Cell phones have become an essential means of communication worldwide and a major factor on the way jobs are performed.  Although cell phones have enabled us to perform various tasks, a study conducted on 226 Australian hospital staff members between January 2013 and March 2014 demonstrate that cell phones are potential sources for pathogenic bacteria in a hospital setting.  The study concluded that there may be greater contamination of cell phones used by junior medical staff, specifically interns.

Health care workers are to follow hygiene standards to prevent transmission of infection or bacteria to patients.  Most doctors and medical students in hospitals depend on cell phones as a source of communication, collaboration, and information sharing.  In this study, of the 226 samples taken from individual cell phones, 168 (74%) were contaminated with bacteria.  Out of 226 staff members, only roughly two-thirds reported cleaning their phones routinely utilizing alcohol wipes.  The study also showed that those who cleaned their cell phones with alcohol daily saw no growth of pathogens on their phone.  This raises the possibility that phones cleaned daily with alcohol wipes may reduce the chances of carrying pathogenic bacteria.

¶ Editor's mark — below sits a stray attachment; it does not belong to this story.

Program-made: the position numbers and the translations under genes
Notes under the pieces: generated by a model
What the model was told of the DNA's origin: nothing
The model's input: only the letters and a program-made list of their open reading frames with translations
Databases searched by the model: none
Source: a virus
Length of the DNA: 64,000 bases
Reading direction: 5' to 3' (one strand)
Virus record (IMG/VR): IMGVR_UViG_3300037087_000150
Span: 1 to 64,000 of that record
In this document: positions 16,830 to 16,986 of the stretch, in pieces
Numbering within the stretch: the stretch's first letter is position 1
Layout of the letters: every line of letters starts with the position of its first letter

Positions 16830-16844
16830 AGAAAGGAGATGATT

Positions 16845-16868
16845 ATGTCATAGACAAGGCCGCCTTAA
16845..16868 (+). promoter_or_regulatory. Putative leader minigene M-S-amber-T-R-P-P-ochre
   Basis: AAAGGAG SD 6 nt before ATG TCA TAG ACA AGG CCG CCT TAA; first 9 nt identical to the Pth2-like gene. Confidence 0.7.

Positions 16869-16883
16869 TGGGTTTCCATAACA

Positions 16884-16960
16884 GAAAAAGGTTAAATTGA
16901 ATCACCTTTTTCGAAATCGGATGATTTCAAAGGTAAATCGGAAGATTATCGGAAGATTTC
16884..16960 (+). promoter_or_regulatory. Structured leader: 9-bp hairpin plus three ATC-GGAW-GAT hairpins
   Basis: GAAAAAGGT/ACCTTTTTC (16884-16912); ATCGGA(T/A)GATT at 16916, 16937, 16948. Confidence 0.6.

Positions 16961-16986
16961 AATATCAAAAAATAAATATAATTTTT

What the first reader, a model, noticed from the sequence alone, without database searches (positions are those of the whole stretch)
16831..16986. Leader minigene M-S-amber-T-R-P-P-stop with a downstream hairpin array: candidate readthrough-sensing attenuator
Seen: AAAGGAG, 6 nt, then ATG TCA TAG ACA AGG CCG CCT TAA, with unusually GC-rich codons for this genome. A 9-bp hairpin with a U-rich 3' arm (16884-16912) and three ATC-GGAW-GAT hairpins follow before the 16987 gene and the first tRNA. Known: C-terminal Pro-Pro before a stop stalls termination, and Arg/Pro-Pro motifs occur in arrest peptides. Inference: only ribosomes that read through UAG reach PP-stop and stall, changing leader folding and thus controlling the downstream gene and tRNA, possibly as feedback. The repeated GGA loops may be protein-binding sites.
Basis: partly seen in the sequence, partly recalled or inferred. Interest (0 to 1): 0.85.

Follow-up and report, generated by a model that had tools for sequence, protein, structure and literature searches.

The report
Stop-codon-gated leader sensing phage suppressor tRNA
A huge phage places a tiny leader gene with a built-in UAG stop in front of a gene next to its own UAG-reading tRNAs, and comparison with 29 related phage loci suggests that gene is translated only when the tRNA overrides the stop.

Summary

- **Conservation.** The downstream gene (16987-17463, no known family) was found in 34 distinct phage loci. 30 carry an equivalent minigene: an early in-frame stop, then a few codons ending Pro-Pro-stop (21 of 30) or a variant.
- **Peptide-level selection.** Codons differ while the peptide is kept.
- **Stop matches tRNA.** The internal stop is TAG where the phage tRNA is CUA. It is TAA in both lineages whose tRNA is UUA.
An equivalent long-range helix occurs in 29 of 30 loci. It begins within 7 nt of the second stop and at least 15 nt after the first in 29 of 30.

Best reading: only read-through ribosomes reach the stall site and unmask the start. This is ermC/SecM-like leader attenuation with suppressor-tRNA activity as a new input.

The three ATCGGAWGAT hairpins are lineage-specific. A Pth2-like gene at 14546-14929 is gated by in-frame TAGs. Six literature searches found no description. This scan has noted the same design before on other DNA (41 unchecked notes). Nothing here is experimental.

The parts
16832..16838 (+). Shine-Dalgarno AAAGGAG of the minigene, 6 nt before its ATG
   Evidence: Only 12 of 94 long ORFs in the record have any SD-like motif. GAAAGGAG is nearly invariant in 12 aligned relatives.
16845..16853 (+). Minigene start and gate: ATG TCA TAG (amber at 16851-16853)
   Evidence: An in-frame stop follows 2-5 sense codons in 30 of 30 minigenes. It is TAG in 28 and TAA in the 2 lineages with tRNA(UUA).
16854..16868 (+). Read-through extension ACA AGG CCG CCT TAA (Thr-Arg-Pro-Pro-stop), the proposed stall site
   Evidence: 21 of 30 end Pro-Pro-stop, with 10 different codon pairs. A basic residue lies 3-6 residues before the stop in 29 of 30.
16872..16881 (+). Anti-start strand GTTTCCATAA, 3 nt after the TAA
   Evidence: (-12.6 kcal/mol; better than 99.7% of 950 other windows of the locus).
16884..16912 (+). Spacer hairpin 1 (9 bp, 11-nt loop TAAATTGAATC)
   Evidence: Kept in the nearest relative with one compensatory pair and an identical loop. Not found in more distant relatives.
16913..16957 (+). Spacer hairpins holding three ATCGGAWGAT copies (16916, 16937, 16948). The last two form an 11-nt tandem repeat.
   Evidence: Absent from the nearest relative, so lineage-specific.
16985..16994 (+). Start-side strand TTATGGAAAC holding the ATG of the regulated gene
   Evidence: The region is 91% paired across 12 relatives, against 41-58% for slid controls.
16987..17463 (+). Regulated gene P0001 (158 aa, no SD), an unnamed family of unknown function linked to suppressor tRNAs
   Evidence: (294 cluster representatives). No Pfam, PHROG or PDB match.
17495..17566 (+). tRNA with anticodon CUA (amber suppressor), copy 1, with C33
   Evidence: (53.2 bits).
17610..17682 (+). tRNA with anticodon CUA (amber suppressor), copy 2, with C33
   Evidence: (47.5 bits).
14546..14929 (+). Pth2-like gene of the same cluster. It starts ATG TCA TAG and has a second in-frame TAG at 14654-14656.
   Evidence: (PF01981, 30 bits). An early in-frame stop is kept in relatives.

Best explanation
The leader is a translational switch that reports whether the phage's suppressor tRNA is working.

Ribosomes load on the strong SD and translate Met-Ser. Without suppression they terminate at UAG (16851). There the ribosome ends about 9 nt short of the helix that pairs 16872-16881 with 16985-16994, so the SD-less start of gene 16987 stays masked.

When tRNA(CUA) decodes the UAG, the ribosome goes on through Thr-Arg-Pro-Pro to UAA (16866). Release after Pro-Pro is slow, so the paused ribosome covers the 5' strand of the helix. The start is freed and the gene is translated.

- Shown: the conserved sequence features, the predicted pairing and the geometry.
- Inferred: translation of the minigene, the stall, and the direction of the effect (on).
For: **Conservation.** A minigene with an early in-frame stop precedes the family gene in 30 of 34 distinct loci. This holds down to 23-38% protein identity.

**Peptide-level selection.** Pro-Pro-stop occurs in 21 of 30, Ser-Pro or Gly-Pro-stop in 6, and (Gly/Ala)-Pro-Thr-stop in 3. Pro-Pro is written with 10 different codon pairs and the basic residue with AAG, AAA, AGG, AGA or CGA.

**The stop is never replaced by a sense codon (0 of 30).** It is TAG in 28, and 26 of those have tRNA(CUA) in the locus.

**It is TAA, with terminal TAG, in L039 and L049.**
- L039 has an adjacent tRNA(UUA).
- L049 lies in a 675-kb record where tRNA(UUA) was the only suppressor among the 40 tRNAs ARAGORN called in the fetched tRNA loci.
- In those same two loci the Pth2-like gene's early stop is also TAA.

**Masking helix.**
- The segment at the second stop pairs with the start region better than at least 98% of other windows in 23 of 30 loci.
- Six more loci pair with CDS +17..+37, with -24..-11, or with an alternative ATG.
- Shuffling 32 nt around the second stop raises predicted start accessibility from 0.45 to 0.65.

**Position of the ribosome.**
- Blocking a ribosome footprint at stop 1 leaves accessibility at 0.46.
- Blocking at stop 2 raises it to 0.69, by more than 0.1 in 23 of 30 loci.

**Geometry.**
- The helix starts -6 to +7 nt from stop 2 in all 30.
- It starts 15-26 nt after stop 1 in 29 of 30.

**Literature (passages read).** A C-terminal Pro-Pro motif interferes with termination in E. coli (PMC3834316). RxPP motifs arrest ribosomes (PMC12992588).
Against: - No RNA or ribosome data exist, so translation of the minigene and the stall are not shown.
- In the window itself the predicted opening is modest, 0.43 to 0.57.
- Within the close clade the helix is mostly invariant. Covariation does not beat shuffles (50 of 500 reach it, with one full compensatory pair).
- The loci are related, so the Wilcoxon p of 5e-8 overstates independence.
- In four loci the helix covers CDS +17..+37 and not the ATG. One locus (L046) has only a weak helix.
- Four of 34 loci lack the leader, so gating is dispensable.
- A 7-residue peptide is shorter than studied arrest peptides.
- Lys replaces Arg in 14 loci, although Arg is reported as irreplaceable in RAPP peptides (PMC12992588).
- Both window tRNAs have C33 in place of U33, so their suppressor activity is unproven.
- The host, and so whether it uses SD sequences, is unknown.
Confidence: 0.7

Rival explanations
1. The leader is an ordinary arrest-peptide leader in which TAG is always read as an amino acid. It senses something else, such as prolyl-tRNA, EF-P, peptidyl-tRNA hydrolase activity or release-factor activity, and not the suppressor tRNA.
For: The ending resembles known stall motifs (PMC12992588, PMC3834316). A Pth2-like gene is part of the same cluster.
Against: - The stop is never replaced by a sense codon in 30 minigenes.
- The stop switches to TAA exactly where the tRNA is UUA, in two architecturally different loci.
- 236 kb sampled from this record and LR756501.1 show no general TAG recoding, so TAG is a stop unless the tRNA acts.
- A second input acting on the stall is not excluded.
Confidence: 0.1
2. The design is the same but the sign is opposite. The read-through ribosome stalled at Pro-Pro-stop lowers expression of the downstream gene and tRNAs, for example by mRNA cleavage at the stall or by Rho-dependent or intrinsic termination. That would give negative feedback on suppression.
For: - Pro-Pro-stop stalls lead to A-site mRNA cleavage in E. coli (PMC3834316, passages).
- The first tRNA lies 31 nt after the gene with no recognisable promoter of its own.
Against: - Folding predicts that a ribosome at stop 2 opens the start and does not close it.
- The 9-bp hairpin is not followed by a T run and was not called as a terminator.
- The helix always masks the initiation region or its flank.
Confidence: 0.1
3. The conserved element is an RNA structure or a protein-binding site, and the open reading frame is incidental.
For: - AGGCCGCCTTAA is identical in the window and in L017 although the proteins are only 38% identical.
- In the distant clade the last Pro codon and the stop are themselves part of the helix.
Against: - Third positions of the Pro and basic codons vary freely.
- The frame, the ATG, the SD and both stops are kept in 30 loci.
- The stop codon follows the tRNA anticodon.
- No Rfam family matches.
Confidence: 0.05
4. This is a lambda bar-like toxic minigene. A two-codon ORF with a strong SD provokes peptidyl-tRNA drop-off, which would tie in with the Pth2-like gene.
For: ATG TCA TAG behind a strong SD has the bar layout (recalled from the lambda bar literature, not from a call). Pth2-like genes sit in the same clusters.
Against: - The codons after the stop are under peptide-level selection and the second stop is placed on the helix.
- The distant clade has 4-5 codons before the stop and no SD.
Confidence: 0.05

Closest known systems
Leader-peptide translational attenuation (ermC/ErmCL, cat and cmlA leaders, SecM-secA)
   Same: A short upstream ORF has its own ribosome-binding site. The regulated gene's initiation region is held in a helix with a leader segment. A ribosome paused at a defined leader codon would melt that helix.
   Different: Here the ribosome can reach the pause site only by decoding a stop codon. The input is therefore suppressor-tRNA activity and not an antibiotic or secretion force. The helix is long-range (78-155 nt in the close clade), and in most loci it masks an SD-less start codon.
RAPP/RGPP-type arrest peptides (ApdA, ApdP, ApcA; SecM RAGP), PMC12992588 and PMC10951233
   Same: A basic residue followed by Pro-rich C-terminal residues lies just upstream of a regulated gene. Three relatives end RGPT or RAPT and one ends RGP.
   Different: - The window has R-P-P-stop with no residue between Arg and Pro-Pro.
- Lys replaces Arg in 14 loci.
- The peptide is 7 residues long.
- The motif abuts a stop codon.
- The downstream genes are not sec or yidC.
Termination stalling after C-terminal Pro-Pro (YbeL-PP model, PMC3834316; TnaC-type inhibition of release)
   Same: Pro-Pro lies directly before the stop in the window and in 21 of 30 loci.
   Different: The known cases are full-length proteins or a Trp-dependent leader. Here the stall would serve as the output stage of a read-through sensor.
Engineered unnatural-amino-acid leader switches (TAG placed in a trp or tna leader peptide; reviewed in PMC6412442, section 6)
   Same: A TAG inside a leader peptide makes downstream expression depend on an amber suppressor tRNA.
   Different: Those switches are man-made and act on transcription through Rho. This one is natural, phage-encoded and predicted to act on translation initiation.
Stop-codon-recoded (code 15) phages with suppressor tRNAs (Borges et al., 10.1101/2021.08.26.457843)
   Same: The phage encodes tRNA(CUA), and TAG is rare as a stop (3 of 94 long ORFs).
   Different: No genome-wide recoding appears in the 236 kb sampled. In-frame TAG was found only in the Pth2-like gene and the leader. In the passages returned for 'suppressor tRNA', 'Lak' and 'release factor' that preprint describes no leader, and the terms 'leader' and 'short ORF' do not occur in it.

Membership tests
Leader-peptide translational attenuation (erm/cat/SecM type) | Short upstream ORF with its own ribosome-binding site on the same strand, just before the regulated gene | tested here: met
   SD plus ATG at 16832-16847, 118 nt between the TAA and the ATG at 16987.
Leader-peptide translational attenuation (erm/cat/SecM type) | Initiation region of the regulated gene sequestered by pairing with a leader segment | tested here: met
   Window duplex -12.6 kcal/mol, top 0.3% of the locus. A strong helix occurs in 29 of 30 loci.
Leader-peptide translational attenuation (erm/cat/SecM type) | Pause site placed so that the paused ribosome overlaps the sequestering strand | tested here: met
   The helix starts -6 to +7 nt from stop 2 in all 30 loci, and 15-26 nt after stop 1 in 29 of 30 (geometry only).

Cell phones are rarely cleaned and are often touched during or after examination of patients and handling of specimens without proper hand washing.  Guidelines for decontamination of cell phones with alcohol wipes alongside infection control procedures (i.e., hand hygiene) should be standard practice for everyone, especially in hospitals.  With frequent cleanings, you can feel a bit better about what’s on your phone’s surface.

 

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